By TROY SHERMAN
Odds are you’ve never heard of Dirty Knobs (stage name of ambient producer Zac Bentz), and that’s completely okay. Nestled deep in the bowels of Bandcamp, releasing albums that are both sonically challenging and terribly time-consuming, the Duluth native is understandably obscure. This obscurity, however, while being explainable, is not justifiable. Bentz’s last record — the eight-hour Field Recordings from the Edge of Hell — was one of the great works of 2012. Seeing as one third of a day’s worth of repetitive ambient doom droning is hard to stomach for even the most devout music nerd, however, it was hardly (if at all) recognized by the masses. Yet, instead of taking the rational step toward palatability following Field Recordings, Bentz decided to valiantly continue eschewing popularity in any form and reward the few listeners who can handle his aural bombardments with the musically subdued yet even more audaciously lengthy The Hermit Seeks the Stillness, which was released on September 18.
Surely, The Hermit Seeks the Stillness will meet the same popular fate as Field Recordings. Simply put, there’s not really a market for 12 hours of devilish sonic indulgences which, while enthralling, can be best described as relaxation music for Satan himself. Just because this album won’t sell too many copies, though, doesn’t mean that it’s not worth talking about. It’s really a marvelous accomplishment — as good as, if not better than, Field Recordings — and my goal, in the next few hundred words, is to convince you to splurge (for the low, low price of $1) on The Hermit Seeks the Stillness and support one of the most daring composers of the modern day.
Admittedly, it’s hard to wrap your head around music like this. From the get-go, it’s challenging. The opening track, “The Hermit,” starts off with what sounds like the muffled groans and screams of an unseen beast emerging from a dark, daunting forest. As those unsettling noises subside, they’re replaced with an untouchable, wind-like drone and intermittent swirls of confused, guttural abrasions. The natural, knee-jerk reaction of the average listener at this point would be to turn off these sounds in revulsion. But, if you’ve come this far, I urge you to move your hand away from the pause button, assume a recumbent position, close your eyes and attempt to delve into the music. If you succeed, you’ll realize that this track, along with all of the others, is not a pedantic compilation of random, repulsive sounds, but a deliberate sonic pathway leading toward meditative absolution. Allow yourself to follow these dirges where they may take you and you’ll be rewarded with a wholly unique musical experience.
Each track has a different effect, but all lead to a similar psychical location. “The Pier Mourns the Wreck” brings you to float in a milky void of unsure contentment. “Seven Hands Palms Down” guides you reassuringly down an unfamiliar, terrifying road, only to leave you alone to find your way back to sanity. “The Empty Hub,” one of the least accessible tracks, is an unrelenting claustrophobic assault on your psyche, which grasps you tightly from the beginning until a lugubrious, painstaking release at the end. “A Table A Vase A Struggling Flower A Closed Window” is a rare instance of beauty; it is a welcomed, haunting reprieve from the several preceding hours of metaphysical ugliness. “Men Found in Circles” washes you in a wave of sound, your only connection to reality being a vague, foreboding series of clicks and clacks. “The Outstretched Arm of A Woman Dimmed” juxtaposes droning chords that yearn for beauty with unrecognizable, horrifying sounds, bringing allure and hideousness into the same realm to battle for supremacy. The result is the most dynamic track on the record, which creates a painful, yet strangely reassuring, dissonance. “He Darkles He Tincs” is doomful relaxation music. “Fifty-Five views of the Boglands” evokes the beauty of nature as it slowly disintegrates and is destroyed. “Undying Tumblenaut” is huge and Wagnerian, evoking in the listener a sense of power and necessity. The apprehensive, church-like “The Glory and the Gegenschein” seems, in context, like a praise for what is to come, namely the airy, fittingly titled “The Stillness,” which closes the album as the most effectively relaxing, yet unsettlingly unclassifiable track.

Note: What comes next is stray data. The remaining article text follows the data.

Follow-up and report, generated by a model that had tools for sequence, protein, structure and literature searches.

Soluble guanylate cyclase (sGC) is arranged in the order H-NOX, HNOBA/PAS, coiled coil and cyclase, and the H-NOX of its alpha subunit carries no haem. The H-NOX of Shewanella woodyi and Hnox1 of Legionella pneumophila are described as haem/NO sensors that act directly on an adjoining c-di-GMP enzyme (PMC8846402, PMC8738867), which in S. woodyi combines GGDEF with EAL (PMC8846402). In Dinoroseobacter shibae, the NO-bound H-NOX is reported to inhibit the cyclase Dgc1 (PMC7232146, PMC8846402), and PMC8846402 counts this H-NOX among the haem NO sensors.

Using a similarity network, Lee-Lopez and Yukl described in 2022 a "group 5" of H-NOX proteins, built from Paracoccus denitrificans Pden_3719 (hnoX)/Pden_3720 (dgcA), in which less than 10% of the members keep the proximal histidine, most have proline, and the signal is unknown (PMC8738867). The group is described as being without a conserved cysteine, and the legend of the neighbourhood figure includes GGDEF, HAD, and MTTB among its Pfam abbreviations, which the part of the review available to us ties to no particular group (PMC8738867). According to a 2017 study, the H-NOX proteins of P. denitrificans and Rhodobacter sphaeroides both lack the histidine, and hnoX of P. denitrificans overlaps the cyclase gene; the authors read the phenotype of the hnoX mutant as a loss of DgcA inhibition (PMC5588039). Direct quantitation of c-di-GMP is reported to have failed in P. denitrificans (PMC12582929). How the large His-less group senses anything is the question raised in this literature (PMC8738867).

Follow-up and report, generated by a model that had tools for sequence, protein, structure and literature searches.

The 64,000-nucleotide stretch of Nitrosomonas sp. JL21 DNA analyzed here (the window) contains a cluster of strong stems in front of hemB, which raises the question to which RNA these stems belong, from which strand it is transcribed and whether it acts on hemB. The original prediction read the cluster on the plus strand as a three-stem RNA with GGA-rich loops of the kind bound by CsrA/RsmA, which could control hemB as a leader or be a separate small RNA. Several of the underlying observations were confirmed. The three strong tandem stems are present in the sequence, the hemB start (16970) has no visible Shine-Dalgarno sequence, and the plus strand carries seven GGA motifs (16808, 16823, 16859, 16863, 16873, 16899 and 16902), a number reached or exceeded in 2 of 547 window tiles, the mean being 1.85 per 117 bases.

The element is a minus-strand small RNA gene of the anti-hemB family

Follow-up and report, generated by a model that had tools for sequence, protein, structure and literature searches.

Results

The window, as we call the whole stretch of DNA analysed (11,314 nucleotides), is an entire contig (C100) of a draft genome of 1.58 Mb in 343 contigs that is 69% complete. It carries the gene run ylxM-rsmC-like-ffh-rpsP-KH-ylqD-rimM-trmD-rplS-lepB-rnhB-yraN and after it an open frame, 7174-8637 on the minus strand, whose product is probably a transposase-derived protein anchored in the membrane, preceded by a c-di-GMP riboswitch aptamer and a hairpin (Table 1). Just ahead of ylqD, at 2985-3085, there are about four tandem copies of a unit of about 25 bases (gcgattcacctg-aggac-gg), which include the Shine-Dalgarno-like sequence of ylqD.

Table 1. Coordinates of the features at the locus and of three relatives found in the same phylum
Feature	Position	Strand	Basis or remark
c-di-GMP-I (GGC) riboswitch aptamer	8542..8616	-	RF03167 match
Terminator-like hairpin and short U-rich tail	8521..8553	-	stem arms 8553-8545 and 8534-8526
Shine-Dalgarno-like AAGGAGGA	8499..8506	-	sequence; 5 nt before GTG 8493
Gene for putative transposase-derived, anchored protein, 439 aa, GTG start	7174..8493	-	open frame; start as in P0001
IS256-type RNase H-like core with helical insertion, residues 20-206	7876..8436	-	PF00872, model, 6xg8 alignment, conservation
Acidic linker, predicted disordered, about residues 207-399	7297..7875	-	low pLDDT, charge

The record as a whole transcends classification. It is a wholly unique piece of work, whose message and purpose can possibly be best encapsulated in the words of Bentz himself:
“These songs are meant to be…not background music exactly. But something to change the environment around the listener. A sort of sideways transportation to artificially slow time, just as those moments of stillness are ultimately artificial. These songs are not meant to capture those moments, but to instead provide a space for those moments to be captured.”
My only hope, after hearing this record, is that Bentz will continue to capture these essential moments in his future work.